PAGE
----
Industry similarities highlighted

Similar topics of interest between the US and Europe were covered during Grid Edge World Forum, including regulation changes, large scale renewable integration, developing a consumer-driven grid, corporate energy procurement, the designing of energy products and services for consumers, community energy models, and leveraging of customer-sited technology as grid assets, to name a few.

“The forum proved that the US and European energy sectors share a number of similarities. There is a lot of excitement about moving forward. Everyone realises that in reality the future cannot be predicted. The growing numbers of startups and the level of innovation are creating a ‘sexy’ sector and utilities want to be familiar with the “hottest” trends and understand how these will influence their business strategies. No-one wants to lose ground,” added Rogier.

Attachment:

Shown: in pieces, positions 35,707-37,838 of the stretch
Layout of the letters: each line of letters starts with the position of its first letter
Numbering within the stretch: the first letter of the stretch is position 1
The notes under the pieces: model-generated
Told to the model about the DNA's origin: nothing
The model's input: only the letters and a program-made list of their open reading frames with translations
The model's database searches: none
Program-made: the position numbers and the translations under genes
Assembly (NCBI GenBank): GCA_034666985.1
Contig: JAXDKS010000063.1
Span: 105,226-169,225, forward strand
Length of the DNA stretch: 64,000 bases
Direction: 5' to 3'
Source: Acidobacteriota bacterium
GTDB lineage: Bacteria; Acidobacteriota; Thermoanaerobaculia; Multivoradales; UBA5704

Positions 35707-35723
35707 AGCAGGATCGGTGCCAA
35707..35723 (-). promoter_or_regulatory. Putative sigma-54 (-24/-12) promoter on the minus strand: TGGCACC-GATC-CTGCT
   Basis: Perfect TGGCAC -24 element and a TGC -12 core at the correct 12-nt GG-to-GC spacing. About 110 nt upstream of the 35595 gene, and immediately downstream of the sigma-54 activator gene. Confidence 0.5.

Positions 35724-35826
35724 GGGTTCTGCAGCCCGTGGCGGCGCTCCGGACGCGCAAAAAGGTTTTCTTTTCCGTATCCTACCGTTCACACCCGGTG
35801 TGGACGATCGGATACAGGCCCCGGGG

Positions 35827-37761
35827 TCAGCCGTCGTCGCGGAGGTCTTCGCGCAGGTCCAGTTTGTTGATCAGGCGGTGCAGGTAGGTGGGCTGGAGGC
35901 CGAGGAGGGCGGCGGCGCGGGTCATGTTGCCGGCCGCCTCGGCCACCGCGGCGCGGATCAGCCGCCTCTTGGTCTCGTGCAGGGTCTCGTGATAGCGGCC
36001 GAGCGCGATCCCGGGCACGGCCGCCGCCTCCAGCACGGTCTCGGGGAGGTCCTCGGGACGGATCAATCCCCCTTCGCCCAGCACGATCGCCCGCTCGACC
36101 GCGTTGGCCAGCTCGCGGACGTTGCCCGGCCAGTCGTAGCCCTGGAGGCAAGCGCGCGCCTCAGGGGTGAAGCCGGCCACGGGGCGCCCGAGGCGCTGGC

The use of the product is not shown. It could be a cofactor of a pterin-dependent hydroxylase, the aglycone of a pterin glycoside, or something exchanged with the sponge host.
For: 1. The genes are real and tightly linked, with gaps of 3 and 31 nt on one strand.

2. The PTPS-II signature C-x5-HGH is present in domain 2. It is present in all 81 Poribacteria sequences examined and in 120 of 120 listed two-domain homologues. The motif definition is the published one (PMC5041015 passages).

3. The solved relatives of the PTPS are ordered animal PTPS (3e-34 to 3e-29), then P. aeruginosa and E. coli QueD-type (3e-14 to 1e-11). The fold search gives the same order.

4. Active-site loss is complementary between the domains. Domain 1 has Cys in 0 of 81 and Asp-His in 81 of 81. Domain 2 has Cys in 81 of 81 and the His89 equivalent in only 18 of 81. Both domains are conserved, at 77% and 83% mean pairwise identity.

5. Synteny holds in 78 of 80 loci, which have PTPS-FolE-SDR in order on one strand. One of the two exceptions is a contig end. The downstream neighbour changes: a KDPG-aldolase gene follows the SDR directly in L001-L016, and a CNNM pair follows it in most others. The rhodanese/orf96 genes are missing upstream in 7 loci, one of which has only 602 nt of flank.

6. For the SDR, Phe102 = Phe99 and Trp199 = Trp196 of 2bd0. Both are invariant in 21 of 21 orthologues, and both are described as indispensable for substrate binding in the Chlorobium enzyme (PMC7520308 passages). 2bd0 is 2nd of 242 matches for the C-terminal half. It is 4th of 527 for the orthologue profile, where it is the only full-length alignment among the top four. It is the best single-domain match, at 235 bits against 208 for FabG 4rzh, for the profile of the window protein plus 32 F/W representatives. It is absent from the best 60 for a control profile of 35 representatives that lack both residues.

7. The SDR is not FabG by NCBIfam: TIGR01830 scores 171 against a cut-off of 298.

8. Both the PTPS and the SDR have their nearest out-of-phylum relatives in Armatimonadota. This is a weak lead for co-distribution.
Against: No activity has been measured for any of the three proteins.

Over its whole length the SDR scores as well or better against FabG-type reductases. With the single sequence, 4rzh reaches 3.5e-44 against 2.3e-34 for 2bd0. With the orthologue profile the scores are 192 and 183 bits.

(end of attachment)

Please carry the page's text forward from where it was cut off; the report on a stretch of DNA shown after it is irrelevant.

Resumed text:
The utility delegation’s diverse specialities, roles and levels of diversity were also accommodated in the programme and site visits were organised to PG&E, Silicon Valley Clean Energy, Silicon Valley Power, Enel Innovation Hub and Mercedes Benz.

EU delegate Piotr Czak, Business Development Director, PGE, commented on the PG&E visit in San Francisco: “It was very interesting to hear how a large utility is managing the same network challenges that we experience in Europe. With renewable penetration increasing, it is a real challenge to maintain a reliable network. But after having had the opportunity to exchange experiences with utilities like PG&E I realise that these challenges are not impossible to overcome.”